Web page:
Groups That Work: Values
Effective working groups can continue their traditions through surprising changes in location, membership, etc.
Topics: clinician skills, groups, treatment models
Negotiating With Ourselves
I contend that the outcome of a given treatment episode is often determined right at the outset, based on why the clients is in treatment in the first place.
Topics: counseling skills, treatment planning
The physician, meanwhile, depends on the information provided by medical science, usually in the form of materials from the pharma firm that markets the product.
Topics: co-occurring disorders, depression, prescription medications
If the dose is in fact subtherapeutic, then what causes the effects so enthusiastically reported by the user?
How to Forget
Suppose we could develop cognitive techniques and train the patient to use them whenever symptoms reappeared?
Topics: addiction and the brain, early recovery, research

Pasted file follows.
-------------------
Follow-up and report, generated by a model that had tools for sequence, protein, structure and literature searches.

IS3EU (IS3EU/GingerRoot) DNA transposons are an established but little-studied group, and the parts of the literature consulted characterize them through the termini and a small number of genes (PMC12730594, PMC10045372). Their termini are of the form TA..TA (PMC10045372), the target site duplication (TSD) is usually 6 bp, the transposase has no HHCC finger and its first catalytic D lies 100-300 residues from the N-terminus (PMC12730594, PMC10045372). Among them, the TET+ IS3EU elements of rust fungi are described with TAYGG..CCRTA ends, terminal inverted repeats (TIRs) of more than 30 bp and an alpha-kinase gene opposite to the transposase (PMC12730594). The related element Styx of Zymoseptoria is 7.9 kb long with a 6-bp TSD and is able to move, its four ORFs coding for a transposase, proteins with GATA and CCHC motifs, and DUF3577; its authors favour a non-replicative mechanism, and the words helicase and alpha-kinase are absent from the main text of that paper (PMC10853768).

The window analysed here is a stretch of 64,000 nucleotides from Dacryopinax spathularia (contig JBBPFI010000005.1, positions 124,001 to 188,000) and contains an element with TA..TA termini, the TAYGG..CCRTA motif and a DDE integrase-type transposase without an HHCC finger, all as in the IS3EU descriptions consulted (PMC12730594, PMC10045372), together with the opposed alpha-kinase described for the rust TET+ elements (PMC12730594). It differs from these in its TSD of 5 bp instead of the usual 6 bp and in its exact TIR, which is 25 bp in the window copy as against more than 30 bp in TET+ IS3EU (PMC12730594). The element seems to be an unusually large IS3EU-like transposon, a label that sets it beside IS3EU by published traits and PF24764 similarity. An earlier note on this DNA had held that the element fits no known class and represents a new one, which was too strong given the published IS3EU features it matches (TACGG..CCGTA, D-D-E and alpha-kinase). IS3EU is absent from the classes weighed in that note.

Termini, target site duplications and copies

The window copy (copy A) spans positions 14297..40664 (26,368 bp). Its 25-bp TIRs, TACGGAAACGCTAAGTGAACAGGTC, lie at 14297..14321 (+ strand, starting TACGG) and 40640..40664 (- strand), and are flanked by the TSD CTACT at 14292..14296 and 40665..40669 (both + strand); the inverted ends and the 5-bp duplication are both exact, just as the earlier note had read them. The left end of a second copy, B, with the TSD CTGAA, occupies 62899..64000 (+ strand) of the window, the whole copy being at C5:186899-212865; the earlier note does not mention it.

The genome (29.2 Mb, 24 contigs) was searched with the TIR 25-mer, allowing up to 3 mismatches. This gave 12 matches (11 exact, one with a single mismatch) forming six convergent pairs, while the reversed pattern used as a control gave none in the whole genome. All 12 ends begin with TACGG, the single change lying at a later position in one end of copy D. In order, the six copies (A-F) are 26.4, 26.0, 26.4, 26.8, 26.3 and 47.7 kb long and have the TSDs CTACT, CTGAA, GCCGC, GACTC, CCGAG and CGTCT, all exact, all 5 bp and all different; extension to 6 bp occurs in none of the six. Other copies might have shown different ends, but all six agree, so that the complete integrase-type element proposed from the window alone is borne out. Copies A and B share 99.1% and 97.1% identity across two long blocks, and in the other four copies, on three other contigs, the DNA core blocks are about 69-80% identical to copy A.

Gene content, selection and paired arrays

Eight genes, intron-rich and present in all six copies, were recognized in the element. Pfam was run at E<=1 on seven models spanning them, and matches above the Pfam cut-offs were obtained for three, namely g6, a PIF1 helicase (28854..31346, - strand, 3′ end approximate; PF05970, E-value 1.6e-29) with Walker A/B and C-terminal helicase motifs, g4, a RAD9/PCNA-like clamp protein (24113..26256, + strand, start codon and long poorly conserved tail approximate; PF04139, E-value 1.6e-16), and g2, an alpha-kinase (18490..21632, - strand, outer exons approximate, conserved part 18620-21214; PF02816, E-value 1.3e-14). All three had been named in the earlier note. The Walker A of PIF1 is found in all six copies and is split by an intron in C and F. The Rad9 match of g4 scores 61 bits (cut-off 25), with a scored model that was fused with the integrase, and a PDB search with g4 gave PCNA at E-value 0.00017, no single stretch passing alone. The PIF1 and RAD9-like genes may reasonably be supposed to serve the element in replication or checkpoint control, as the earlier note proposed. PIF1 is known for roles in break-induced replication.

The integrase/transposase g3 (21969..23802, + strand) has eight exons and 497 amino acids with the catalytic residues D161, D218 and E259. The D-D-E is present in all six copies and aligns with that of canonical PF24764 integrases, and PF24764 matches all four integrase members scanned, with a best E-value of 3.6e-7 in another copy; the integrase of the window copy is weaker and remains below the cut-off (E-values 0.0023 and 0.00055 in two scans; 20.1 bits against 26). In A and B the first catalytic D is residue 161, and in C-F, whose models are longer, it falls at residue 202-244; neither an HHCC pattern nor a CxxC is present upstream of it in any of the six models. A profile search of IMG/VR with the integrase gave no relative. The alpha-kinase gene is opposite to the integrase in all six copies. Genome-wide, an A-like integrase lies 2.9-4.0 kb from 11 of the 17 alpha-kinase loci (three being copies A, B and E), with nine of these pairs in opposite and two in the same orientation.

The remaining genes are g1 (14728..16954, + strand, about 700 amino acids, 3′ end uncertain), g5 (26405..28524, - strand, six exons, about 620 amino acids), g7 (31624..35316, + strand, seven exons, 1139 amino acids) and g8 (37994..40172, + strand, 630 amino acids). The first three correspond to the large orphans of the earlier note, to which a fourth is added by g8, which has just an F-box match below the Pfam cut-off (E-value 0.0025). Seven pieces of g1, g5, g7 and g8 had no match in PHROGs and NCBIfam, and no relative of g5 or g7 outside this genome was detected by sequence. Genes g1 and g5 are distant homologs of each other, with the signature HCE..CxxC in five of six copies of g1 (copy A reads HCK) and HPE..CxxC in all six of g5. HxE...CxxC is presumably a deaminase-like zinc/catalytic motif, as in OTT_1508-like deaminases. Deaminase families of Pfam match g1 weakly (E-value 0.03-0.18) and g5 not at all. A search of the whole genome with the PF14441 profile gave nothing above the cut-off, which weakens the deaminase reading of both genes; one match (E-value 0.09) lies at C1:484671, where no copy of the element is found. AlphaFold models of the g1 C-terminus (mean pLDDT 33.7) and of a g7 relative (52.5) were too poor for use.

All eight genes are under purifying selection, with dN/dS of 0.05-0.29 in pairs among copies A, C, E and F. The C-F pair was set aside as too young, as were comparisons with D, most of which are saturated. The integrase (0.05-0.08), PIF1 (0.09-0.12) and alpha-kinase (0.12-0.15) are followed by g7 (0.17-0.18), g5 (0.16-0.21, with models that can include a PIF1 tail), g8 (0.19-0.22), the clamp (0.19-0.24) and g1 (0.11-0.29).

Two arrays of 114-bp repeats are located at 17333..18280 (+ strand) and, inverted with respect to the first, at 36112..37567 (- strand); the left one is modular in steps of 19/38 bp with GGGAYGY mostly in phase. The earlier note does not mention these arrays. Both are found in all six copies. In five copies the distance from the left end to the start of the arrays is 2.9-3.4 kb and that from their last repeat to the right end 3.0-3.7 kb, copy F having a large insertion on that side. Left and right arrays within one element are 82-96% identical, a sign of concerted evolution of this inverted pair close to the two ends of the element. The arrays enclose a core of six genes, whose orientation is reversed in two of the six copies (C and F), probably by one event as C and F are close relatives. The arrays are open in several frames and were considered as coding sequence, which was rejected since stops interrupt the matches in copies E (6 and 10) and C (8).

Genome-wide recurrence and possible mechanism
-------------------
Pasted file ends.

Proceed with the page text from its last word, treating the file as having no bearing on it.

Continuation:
LSD Science Update
The relative importance of set and setting suggests that the environment in an LSD experience should be carefully controlled.
Topics: hallucinogens, research
The Motivated Reasoning Paradox
Topics: client engagement and motivation, counseling skills
Trauma and Memory
In fact, it’s often difficult to convince the trauma patient to seek treatment, in part because of fear of having to re-experience the event.
Topics: addiction and the brain, co-occurring disorders, trauma
Medical Cannabis in Addiction Treatment
The field is getting accustomed to patients arriving in addiction treatment complaining of problems with prescription opioids, stimulants, sedatives, etc, while actively enrolled in medical cannabis programs.
Topics: cannabis, prescription medications, research
Is Your Therapy Dull?
“It’s too much like doing your taxes,” was her verdict. That’s probably the worst thing I’ve heard anyone say about psychotherapy.
Topics: client engagement and motivation, cognitive behavioral therapy, therapies and tools